The next chapters of Kuhn’s book go on to explain the preeminence of the idea of historical paradigm over the more traditional views of scientific advance. Paradigm, as Kuhn defines it, are those works or theories which “serve for a time to define and legitimate problems and methods of a research field for succeeding generations of practitioners.” These few works, Aristotle’s Physica or Ptolemy’s Almagest for example, are sufficiently unprecedented to attract an enduring group of adherents from other, often times contrary, positions or beliefs. The paradigm sets out solutions while at the same time leaves other details and problems open within its context for members of the group to solve. This problem solving activity, Kuhn says, is most of what science is. This activity is what Kuhn calls “Normal Science”. The fact that members of a scientific community practice such “Normal Science” functions as polishing off rusty edges of the theory and refining that rough gem, signals the maturity of a paradigm. In the absence of a central paradigm, all of the observations made within a particular dicipline remain a random set of facts which have no essential connection. The paradigm, thus determines how these facts will be filed and regarded by the general scientific community. Pre-paradigm facts may be just as true as post-paradigm ones but they are not arranged in any essential manner. Thus some of these facts seem so disperate that they remain too complex to be integrated into any single theory at all. Thus, Kuhn places the paradigm as the central force in science and scientific advance and not the phenomena or fact gathering activity itself. Kuhn has hit upon something very interesting in his distinction between the practices of normal science, and of paradigm establishing science.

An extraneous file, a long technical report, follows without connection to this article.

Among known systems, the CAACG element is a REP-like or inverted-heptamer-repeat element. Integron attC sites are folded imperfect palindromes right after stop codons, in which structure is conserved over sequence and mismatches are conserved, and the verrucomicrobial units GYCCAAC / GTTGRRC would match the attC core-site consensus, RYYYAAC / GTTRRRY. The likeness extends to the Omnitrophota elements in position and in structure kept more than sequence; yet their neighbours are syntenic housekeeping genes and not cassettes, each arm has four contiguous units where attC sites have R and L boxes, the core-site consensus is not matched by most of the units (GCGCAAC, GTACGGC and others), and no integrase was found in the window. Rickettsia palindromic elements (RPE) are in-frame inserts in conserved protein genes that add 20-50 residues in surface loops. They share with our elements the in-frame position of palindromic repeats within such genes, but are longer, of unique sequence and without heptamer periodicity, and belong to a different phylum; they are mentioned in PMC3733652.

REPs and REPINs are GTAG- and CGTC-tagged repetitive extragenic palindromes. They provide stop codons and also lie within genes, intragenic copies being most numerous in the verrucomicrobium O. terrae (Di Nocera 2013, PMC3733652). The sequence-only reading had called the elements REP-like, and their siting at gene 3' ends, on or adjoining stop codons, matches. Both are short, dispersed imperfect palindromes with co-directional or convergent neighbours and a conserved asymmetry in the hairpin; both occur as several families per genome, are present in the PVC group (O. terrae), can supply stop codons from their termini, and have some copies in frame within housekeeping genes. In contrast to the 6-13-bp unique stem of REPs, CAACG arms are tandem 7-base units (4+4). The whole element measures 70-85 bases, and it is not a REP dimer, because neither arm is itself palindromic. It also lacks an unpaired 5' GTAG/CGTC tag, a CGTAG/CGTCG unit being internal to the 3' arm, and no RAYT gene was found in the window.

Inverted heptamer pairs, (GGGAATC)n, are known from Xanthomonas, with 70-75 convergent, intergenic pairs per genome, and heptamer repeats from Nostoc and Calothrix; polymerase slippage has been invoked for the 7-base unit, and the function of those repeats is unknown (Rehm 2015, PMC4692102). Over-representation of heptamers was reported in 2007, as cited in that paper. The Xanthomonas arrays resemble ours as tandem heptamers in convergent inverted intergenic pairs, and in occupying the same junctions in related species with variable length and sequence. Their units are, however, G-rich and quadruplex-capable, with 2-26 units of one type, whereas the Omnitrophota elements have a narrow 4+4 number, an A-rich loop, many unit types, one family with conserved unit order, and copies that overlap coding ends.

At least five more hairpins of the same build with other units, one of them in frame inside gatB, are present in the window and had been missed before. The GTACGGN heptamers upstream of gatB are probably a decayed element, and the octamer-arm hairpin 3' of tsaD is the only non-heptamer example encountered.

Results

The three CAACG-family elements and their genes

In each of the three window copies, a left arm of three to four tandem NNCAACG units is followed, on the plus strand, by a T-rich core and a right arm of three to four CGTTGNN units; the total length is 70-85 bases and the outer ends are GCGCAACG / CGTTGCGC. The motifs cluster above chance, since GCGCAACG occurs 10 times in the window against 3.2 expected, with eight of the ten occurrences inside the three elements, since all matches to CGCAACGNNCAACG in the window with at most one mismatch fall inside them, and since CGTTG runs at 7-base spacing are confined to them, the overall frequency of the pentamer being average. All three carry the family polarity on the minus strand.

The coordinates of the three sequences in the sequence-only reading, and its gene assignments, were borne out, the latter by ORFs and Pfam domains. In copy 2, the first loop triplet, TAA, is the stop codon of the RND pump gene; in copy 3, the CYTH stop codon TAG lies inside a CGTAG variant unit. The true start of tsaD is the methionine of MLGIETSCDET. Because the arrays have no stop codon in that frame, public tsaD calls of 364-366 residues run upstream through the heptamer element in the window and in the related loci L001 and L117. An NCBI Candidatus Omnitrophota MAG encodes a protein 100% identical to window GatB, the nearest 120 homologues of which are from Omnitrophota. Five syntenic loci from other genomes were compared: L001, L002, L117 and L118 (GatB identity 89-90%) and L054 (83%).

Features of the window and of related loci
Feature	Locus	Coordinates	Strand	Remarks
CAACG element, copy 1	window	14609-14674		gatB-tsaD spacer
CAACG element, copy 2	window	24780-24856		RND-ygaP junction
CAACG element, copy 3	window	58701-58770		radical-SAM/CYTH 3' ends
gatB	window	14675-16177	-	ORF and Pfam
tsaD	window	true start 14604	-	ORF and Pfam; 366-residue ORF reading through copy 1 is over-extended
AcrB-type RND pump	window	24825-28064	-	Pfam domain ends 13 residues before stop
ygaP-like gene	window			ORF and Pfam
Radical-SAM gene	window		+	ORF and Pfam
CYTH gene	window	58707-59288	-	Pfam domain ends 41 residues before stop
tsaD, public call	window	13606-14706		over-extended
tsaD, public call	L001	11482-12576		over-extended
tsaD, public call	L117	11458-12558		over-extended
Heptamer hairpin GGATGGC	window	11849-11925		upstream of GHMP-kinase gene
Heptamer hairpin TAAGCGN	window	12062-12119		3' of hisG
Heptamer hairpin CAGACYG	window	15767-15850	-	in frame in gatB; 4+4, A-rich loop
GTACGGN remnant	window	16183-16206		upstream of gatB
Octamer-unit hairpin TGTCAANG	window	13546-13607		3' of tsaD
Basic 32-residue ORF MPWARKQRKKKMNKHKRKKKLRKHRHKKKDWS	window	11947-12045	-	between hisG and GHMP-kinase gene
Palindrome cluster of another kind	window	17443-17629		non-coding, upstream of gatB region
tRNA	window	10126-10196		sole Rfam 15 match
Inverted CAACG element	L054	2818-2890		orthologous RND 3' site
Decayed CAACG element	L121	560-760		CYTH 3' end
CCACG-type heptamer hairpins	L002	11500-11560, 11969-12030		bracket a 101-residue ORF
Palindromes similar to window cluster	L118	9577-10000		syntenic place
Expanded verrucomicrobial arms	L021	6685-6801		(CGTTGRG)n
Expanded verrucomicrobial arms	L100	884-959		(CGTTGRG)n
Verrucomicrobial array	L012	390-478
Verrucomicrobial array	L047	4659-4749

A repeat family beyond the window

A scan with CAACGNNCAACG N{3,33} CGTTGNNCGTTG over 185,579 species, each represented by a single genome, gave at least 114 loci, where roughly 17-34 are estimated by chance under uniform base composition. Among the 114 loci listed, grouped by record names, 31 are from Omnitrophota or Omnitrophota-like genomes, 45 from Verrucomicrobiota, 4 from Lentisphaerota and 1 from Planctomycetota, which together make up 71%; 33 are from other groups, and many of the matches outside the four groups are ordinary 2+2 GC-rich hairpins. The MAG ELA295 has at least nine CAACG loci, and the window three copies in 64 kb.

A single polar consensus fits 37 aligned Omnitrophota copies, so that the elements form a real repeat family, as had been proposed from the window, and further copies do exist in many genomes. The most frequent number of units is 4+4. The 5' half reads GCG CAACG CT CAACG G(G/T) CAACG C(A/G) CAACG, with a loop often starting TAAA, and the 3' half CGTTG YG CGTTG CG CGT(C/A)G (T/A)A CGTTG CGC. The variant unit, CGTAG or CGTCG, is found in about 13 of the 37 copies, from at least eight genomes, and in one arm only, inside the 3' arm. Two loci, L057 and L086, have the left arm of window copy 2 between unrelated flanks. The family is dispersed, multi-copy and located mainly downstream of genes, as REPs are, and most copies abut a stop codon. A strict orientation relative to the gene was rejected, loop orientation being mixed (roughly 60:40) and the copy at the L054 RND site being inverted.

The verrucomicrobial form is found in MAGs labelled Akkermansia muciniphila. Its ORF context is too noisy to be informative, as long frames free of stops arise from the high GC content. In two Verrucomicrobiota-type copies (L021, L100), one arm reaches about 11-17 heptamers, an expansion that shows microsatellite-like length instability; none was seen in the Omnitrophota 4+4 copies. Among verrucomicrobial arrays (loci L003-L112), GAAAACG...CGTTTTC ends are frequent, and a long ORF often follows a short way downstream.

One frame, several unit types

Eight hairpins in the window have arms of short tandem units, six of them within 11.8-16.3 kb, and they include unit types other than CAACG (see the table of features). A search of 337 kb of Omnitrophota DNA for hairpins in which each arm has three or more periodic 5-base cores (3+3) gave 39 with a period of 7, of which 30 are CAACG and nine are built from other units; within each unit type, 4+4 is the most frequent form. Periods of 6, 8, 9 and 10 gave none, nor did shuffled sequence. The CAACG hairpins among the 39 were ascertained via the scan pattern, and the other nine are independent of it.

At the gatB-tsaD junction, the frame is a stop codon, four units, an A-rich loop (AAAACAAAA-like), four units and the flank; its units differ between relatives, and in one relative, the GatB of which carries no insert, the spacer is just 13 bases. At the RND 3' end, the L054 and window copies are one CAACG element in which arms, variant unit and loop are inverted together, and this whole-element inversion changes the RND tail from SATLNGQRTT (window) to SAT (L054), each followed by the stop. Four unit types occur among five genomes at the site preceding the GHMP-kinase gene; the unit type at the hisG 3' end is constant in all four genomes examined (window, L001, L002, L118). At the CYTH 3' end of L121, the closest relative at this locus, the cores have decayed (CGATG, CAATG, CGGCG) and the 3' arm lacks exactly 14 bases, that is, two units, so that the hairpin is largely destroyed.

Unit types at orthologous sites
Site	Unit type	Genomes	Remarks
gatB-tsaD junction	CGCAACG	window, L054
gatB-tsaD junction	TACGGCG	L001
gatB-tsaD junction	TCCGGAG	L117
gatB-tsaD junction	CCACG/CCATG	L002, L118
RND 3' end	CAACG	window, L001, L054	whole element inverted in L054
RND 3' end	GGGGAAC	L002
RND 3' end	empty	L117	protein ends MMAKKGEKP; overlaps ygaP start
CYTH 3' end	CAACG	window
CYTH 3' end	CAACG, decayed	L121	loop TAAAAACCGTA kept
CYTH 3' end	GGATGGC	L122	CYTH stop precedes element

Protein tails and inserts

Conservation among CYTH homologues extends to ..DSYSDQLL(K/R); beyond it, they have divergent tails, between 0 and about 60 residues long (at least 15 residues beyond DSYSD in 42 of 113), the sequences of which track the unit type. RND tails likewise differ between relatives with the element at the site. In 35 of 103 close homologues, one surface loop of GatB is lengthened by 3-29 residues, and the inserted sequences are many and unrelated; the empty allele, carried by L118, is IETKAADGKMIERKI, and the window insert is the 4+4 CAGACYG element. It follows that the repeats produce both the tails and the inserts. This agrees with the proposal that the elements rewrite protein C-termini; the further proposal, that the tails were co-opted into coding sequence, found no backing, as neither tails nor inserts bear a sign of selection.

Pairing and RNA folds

Most persons engaged in science are engaged, more precisely, in normal science. There are, by definition, very few who have the ability to galvanize all of the normal scientific facts and hanging problems into a general paradigm. Does this mean that most scientists are really not that smart, or that they are only good technicians at best? Kuhn claims that this paradigm based theory does not demote the level of genius of the normal scientist. Some of these persons are in fact quite superior. They have a knack for the “puzzle solving” activity which normal science requires. Like a puzzle, there is no promise that the solution to any problem of normal science be important or even interesting. Rather it is the solution of puzzle itself which proves the brilliance of the scientist. In fact we might have even greater admiration for the conquests of a scientist who has solved a particularly boring but complex problem of the paradigm. Rather than demoting the scientist, Kuhn’s analysis should provide us with new insight to the psyche and character of such normal science persons. How than is the paradigm established if not by the normal science activity of simple (or not so simple) fact gathering? Kuhn’s explanation is that science only advances in radical leaps due to a crisis of the existing paradigm. The Kuhninan position may be summarized as normal science proceeding in a peaceful adherence to the paradigm, until it produces a fact or discovers a phenomena which does not fit within the parameters of the existing structure of belief. Such “anomalies” of science violate the expectations of the normal scientist.